Tuesday, November 16, 2021
Mergers in the pharmaceutical sector warrant special scrutiny not only because of concerns over affordability of medicines, but also because the institutional details of pharmaceutical markets complicate the economic analysis of merger effects. Standard anti-trust analysis of mergers, in pharmaceuticals as in other industries, focuses on the proposed merger’s potential to raise prices or reduce innovation by eliminating potential competitors in individual product markets defined by substitutability and geography. Ignored by this exclusive focus on individual markets is the potential for horizontal mergers to increase market power though leverage and cross-market effects enabled by large portfolios that span individual markets.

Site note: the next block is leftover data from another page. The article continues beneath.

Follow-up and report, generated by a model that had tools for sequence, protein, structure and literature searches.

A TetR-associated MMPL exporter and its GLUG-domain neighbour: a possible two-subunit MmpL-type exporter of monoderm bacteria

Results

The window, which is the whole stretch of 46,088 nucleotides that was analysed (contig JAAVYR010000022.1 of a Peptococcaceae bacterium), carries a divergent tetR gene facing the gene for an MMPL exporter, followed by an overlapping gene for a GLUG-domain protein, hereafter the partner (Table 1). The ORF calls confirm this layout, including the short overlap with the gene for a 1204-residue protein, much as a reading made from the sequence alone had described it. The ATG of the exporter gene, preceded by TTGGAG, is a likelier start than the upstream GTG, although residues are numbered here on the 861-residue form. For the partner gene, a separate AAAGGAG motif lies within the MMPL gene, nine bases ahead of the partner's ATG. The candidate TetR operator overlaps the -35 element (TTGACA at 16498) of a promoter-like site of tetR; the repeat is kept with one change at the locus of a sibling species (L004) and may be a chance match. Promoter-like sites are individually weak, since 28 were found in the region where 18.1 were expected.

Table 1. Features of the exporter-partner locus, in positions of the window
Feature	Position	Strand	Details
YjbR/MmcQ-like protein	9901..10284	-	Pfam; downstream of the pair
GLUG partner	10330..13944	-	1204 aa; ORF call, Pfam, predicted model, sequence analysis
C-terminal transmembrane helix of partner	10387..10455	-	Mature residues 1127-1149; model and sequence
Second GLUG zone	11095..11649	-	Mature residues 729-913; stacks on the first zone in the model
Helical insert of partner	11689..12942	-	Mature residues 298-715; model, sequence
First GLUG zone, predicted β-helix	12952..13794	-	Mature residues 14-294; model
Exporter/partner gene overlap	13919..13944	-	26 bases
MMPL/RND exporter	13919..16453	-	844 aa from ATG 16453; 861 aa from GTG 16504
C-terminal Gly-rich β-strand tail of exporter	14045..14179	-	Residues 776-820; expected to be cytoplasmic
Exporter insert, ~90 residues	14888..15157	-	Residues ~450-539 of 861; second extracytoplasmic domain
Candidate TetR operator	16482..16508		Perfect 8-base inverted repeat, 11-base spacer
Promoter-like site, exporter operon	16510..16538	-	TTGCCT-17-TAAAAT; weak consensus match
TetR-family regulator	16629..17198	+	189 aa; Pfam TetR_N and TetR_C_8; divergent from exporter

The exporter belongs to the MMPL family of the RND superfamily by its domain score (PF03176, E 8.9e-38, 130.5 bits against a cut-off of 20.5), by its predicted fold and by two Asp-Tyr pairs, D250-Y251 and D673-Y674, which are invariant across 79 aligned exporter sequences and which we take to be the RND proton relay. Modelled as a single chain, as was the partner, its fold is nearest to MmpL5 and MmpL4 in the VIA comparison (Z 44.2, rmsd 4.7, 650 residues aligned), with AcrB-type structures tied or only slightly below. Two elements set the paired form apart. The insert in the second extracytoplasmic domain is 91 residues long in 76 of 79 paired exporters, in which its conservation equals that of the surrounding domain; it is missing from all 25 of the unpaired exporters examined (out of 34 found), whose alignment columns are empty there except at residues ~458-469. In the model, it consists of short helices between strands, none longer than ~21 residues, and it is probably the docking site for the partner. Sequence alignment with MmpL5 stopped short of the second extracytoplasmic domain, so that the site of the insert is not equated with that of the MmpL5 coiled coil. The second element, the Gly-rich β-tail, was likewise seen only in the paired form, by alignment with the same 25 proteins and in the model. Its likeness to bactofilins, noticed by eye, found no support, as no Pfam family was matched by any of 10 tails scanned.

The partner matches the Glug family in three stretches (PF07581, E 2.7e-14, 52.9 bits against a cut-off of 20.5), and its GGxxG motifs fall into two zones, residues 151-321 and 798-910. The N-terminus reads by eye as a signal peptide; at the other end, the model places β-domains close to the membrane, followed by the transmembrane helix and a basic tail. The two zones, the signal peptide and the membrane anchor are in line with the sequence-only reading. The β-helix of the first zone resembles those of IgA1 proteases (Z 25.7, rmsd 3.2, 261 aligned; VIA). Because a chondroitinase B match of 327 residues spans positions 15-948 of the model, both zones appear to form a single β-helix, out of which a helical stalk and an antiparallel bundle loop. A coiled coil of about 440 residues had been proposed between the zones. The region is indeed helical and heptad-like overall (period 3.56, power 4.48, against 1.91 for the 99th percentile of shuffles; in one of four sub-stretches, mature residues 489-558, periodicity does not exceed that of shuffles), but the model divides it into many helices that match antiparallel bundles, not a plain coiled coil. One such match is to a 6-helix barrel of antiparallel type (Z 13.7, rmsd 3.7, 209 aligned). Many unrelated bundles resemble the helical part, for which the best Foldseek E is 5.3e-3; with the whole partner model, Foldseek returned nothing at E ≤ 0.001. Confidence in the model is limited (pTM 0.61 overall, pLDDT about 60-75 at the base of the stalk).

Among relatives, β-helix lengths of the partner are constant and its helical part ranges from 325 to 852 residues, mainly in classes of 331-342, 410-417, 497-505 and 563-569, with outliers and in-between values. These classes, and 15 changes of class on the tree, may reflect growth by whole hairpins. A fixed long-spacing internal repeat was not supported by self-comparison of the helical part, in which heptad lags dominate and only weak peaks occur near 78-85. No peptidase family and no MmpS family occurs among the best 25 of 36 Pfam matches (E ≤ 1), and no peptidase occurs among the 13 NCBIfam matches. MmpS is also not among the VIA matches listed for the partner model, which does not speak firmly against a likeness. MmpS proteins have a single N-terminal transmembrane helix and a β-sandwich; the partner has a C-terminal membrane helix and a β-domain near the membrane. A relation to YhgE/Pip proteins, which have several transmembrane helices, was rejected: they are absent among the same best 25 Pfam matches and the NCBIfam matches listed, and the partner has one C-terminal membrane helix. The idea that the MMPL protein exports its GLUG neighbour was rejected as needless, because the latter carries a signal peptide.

The thesis of this paper is that leverage and cross-market effects exist in pharmaceutical markets and can be exacerbated by mergers because larger firms have bargaining leverage and other advantages in dealing with reimbursement, marketing and selling in pharmaceutical markets. The relevant institutional details — and the potential risks to competition — differ across countries and between originator and generic drugs. An earlier paper outlined these potential cross-market effects in mergers of originator pharmaceutical firms in the US. This paper extends the analysis to examine how far similar cross-market effects are also a concern in mergers of originator firms in Europe and for generic firms in the US and Europe. It concludes that cross-market effects are potentially of greatest concern for originator pharmaceutical mergers and, to lesser extent, for generics mergers in the US, because the US healthcare system relies primarily on market forces rather than regulation to assure consumer welfare. While cross-market concerns could arise in pharmaceutical mergers in Europe, they are substantially mitigated by various regulatory features of European pharmaceutical markets.